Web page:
Press Release
August 6, 2010


Sen. Miriam Defensor Santiago praised President Benigno Aquino III for his policy of keeping his name from being appended to government-funded projects.

"It is a prevalent practice among public officers, whether elected or appointed, to append their names on public works projects which were either funded or facilitated through their office. This is unnecessary and highly unethical," she said.

Santiago, the consistent top performer in the Senate, also said that she is pushing for the passage of Senate Bill No. 1967, or the "Anti-Signage of Public Works Bill", in support for the president's policy.

The bill was originally refiled in 2004 during the Thirteenth Congress, and again in 2007 during the Fourteenth. It was referred to the Senate committees on public works and civil service.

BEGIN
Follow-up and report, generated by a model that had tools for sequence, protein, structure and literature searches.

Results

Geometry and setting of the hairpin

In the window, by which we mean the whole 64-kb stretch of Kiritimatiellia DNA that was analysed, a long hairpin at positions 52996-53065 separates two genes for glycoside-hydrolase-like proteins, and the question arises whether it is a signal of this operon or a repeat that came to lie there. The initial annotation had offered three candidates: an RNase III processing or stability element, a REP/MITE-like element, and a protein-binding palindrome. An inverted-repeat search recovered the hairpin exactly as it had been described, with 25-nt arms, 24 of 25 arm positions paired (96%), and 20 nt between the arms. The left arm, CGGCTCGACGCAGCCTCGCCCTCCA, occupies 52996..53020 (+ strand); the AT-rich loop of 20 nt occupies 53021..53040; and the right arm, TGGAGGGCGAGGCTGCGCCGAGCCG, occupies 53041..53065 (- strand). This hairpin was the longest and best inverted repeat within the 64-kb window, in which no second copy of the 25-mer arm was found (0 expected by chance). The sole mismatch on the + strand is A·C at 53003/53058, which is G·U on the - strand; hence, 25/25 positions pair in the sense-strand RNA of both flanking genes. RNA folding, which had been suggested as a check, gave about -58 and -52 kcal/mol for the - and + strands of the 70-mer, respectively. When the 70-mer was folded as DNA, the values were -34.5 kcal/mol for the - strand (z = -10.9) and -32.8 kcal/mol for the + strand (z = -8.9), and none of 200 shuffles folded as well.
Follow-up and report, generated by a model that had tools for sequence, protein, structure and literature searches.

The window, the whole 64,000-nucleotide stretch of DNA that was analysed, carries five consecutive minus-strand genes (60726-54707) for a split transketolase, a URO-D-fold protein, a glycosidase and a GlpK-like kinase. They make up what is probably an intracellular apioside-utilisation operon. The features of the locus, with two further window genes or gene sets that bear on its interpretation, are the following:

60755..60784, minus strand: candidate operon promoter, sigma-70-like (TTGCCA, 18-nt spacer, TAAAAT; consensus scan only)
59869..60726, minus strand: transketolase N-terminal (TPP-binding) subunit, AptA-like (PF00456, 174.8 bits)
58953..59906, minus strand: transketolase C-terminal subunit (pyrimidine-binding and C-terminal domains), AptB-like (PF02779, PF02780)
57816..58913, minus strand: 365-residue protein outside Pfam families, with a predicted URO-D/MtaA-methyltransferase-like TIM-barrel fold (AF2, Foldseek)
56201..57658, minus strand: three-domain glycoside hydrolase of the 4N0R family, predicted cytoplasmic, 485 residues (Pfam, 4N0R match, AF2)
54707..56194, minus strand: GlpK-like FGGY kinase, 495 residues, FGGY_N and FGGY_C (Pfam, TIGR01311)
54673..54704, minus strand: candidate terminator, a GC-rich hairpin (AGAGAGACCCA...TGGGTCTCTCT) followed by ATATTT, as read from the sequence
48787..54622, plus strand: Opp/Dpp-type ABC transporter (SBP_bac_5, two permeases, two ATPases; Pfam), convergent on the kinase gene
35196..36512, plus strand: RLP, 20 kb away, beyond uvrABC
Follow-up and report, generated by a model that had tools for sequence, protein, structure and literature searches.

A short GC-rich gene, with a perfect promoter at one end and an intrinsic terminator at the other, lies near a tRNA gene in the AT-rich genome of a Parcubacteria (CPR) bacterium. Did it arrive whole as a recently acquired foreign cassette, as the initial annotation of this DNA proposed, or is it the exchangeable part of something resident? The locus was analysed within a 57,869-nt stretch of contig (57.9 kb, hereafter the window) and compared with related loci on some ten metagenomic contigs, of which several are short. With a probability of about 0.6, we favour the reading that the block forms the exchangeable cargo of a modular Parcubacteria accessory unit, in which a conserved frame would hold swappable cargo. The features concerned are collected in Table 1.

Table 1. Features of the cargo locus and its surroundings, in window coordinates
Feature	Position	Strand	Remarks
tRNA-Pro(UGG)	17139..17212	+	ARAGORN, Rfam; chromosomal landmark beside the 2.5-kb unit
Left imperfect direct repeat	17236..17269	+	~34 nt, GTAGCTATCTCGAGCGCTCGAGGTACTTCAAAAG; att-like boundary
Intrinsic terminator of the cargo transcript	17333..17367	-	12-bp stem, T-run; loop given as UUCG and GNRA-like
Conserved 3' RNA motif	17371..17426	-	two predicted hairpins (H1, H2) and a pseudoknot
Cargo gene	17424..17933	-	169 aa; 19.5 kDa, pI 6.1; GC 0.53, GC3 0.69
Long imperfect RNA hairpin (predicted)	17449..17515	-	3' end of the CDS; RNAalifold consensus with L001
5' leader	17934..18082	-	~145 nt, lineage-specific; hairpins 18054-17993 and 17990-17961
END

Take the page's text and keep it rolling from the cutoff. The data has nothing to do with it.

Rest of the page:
Santiago's bill penalizes both the act of affixing names or images of any public official to a signage announcing a proposed or on-going public works project, and of installing such a signage.

"This practice by public officials fosters and promotes a culture of political patronage and corruption, and diminishes the concept of continuity in good governance in the mind of the public. We need to curb this unethical practice," the senator said.

S.B. No 1967 also directs the Department of Public Works and Highways, the Department of Interior and Local Government, and the Metro Manila Development Authority to remove all existing signages of public works projects bearing the name or image of public officers.

Violators of the proposed law will be imprisoned for six months to one year, and will be perpetually disqualified from public office.

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